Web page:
We hope the film will demonstrate that by changing the way we live our lives, we can contribute to our own survival and well-being and ultimately that of the planet. Jeremy Irons 2012.
Jeremy Irons stands on a beach beside the ancient Lebanese city of Sidon. Above him towers a 40 metre mountain of rubbish-a pullulating eyesore of medical waste, household trash, toxic fluids and dead animals-the result of thirty years of consumption by just one small city out of how many in the world? As the day’s new consignments are tipped on top, debris tumbles off the side and into the blue of the Mediterranean. Surrounded by a vast reach of plastic bottles, a forlorn Jeremy Irons stares at the horizon. “Appalling,” he mutters.
In TRASHED, Irons sets out to discover the extent and effects of the global waste problem, he travels around the world to beautiful destinations tainted by pollution. This is a meticulous, brave investigative journey that takes Irons (and us) from scepticism to sorrow and from horror to hope. Brady’s narrative is vividly propelled by an original score created by Academy Award winning composer Vangelis.
The beauty of our planet from space forms a violent contrast to the scenes of human detritus across the globe. Vast landscapes in China are covered in tons of rubbish. The wide waters of the Ciliwung River in Indonesia are now barely visible under a never-ending tide of plastic. Children swim among leaking bags; mothers wash in the sewage-filled supply. Each year, we now throw away fifty-eight billion disposable cups, billions of plastic bags, 200 billion litres of water bottles, billions of tons of household waste, toxic waste and e-waste.
We buy it, we bury it, we burn it and then we ignore it. Does anyone think about what happens to all the trash we produce? We keep making things that do not break down. We have all heard these horrifying facts before, but with Jeremy Irons as our guide, we discover what happens to the billion or so tons of waste that goes unaccounted for each year. On a boat in the North Pacific he faces the reality of the Great Pacific Garbage Patch and the effect of plastic waste on marine life. We learn that chlorinated dioxins and other man-made Persistent Organic Pollutants are attracted to the plastic fragments. These are eaten by fish, which absorb the toxins. We then eat the fish, accumulating more poisonous chemicals in our already burdened bodies. Meanwhile, global warming, accelerated by these emissions from landfill and incineration, is melting the ice-caps and releasing decades of these old poisons, which had been stored in the ice, back into the sea. And we learn that some of the solutions are as frightening and toxic as the problem itself.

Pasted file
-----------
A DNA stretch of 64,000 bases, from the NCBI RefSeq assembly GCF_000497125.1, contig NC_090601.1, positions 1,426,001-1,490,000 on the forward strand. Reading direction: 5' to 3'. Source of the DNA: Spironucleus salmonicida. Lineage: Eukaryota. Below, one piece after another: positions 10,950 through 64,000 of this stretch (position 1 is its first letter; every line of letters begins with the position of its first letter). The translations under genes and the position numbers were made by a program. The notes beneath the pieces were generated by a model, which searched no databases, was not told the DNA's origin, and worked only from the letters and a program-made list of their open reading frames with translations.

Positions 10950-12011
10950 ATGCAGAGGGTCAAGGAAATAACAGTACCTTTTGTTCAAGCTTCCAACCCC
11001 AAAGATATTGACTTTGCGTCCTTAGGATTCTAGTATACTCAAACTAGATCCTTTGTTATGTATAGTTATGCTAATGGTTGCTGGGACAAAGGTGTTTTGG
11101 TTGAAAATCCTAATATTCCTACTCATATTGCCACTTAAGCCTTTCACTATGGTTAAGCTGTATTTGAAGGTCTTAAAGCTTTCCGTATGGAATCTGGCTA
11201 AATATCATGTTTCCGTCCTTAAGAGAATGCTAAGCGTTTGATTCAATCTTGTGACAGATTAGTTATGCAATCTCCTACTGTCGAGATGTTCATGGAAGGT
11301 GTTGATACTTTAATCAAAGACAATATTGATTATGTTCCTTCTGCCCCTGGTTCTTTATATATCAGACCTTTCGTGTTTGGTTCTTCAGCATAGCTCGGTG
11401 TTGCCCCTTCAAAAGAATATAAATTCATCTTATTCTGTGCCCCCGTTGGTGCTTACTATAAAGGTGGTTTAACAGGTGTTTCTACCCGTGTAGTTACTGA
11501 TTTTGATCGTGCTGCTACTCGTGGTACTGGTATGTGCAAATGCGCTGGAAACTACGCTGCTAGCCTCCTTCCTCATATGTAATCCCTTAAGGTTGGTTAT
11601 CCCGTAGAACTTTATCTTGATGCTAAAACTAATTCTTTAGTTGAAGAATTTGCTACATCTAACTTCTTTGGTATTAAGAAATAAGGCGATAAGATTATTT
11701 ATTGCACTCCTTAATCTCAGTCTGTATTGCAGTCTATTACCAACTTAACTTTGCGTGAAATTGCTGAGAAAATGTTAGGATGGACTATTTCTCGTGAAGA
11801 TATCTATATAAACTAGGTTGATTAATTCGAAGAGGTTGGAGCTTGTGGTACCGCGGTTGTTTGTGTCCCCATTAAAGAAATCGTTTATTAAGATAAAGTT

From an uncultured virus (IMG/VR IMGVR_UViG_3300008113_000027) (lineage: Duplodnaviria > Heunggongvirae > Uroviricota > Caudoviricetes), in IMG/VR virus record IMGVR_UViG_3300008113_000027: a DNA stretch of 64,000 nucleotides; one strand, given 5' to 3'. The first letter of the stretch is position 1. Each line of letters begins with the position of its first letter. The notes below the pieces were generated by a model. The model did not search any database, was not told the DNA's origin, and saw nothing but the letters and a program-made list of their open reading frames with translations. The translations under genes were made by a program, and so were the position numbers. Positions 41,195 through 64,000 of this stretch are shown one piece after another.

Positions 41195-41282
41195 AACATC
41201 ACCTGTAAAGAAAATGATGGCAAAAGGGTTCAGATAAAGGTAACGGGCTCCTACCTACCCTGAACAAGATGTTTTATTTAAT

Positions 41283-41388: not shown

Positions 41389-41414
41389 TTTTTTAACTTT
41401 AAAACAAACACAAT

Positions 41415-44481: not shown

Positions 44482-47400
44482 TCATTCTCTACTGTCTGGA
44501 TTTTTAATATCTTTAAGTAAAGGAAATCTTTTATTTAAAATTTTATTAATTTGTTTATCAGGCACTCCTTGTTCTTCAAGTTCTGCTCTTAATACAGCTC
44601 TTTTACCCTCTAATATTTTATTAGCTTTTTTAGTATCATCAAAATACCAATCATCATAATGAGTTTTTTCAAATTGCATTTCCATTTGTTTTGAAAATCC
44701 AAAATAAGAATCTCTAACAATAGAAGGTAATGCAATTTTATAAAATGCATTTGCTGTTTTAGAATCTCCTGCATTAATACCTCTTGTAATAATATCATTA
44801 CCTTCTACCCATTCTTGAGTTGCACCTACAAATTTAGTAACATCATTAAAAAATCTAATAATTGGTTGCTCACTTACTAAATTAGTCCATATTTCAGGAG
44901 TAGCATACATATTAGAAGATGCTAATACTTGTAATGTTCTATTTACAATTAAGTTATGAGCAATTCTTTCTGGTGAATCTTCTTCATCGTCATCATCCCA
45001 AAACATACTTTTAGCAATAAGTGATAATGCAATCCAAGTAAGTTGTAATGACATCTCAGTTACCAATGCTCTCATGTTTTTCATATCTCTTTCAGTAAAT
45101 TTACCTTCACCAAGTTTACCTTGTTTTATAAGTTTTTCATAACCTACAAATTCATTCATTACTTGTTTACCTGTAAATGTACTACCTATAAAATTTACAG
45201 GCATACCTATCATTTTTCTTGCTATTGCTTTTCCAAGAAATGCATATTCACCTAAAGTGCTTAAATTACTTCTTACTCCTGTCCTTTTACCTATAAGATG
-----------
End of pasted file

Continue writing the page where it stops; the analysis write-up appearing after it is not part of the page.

Academy Award winning actor Jeremy Irons is no stranger to taking centre stage. But his role as our guide in TRASHED highlighting solutions to the pressing environmental problems facing us all, could well be his most important yet. “We’ve made this movie, because there are so many people who feel strongly the urgent need for the problem of ‘waste’ and ‘sustainability’ to be addressed,” Irons says. “There is an equally urgent need for the most imaginative and productive solutions to this troublesome subject to be understood and shared by as many communities as possible throughout the world. This is where movies can play such an important role, educating society, bringing ‘difficult’ subjects to the broadest possible audience.
Like it or loathe it, everyone’s heard of Al Gore’s Inconvenient Truth. Potentially movies have the power to reach everyone, touch us on an emotional level and to galvanise us.” Candida Brady spent over two years researching and filming TRASHED, but Brady has been focused on the problems of waste and the environment for most of her adult life. “As a lifelong asthmatic I have always been interested in the effects of pollution. But it was meeting an environmental doctor (who saved my life) that opened my eyes to the direct effects the environment has on our health,” explains Brady. “When I was young I was the only kid with an inhaler-these days it’s fast becoming the opposite.”
Having faced the worst through much of TRASHED, Jeremy Irons turns to hope. He goes in search of solutions. From individuals who have changed their lives and produce almost no waste, to increasing anti-waste legislation, to an entire city which is now virtually waste-free, he discovers that change is not only essential, but happening.